Monthly Archives: October 2015

The Moment of Everything : a Novel by Shelly King

moment of

The cat on the cover of this book does not even come close to the description of the cat inside the book. But that’s a minor detail. This was another one of those books that I have no idea why I put it on hold, but I did, and I enjoyed it well enough once it came, so why waste time wondering? Think Storied Life of A.J Fikry meets Bridget Jones’ Diary meets the Gen Y/Millennial equivalent of Generation X, and you’ll have a pretty good feel for this book.

Maggie, our protagonist, moved to San Francisco from South Carolina during the dot-com boom and started a company with her best friend since childhood, Dizzy, a software engineer. But the company becomes successful and is purchased by a larger company, and Maggie’s job is outsourced. Dizzy (still employed) tries everything to get Maggie “out there”, scheming to get her involved with a book group of high-powered women for the networking and nagging her to follow up on various opportunities. But Maggie is far more interested in spending her days in the decrepit used bookstore (Dragonfly Books) owned by her landlord, Hugo, where she spends all day every day reading romance novels. She knows she needs a job – her money is running out and she is growing increasingly desperate as her mother begs her to move home and get married like a good girl – but she just can’t seem to find the motivation.

Hugo gives Maggie a copy of Lady Chatterley’s Lover to read for the book (networking) club, and inside Maggie finds love notes written in the margins by Henry and Katherine, presumably two customers of Dragonfly Books. The notes show a growing intimacy between the two and end with a proposed meeting, and Maggie is entranced – who were/are Henry and Catherine? Did they ever meet? Why did they stop writing messages in the book? In an attempt to impress one of the book club members who might be able to help her find her a job, Maggie offers to help Hugo make the Dragonfly more successful by promoting it on social media. She posts some of the notes between Henry and Catherine, and business booms so enthusiastically that Maggie eventually receives an incredibly lucrative job offer…working for another bookstore across the street that is part of a commercial chain. But in the process of working at the Dragonfly, Maggie has fallen in love with the used bookstore’s quirky charm and become fiercely loyal to its clientele. Soul searching ensues….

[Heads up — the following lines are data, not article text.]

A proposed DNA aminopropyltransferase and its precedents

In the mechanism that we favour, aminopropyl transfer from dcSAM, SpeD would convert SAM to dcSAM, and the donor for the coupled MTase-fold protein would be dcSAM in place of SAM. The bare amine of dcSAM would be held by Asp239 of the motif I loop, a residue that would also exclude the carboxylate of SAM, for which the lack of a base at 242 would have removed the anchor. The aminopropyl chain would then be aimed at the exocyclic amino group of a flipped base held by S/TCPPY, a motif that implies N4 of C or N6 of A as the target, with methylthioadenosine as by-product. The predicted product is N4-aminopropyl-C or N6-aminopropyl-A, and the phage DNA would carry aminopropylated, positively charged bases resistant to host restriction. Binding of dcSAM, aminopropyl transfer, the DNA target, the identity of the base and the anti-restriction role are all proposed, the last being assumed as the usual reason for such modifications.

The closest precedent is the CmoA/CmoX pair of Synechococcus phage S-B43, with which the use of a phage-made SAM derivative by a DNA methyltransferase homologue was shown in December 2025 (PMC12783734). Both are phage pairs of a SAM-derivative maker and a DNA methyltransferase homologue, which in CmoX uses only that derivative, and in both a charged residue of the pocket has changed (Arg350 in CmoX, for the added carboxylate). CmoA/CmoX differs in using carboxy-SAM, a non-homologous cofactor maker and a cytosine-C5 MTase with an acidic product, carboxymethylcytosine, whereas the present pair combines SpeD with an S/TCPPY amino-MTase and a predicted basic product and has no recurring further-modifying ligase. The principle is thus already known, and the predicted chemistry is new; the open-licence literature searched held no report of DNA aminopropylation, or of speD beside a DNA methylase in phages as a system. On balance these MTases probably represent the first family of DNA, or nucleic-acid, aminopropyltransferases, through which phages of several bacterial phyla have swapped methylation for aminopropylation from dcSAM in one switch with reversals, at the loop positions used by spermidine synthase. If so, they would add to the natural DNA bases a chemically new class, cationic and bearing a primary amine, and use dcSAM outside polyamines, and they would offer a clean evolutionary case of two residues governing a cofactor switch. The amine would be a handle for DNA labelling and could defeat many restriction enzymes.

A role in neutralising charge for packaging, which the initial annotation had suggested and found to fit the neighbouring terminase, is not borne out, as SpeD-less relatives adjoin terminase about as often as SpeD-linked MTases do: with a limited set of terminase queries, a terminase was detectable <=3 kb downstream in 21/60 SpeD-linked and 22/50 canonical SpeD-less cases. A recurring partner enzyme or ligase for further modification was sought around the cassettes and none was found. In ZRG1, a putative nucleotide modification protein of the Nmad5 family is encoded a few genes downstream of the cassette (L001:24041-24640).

Oh, and there’s a cute boyfriend who she can’t fully enjoy because of past issues with her parents’ marriage, repeating conflict with a cranky employee of the Dragonfly who resents her interference, and some self-confidence problems from always playing second fiddle to Dizzy’s genius to spice things up. Oh, and a psychopathic store cat. You’ll be a little annoyed with Maggie for her habit of (repeatedly!) shooting herself in the foot (in both life and love), but you’ll root for her anyway.

The Heart Goes Last by Margaret Atwood

heart last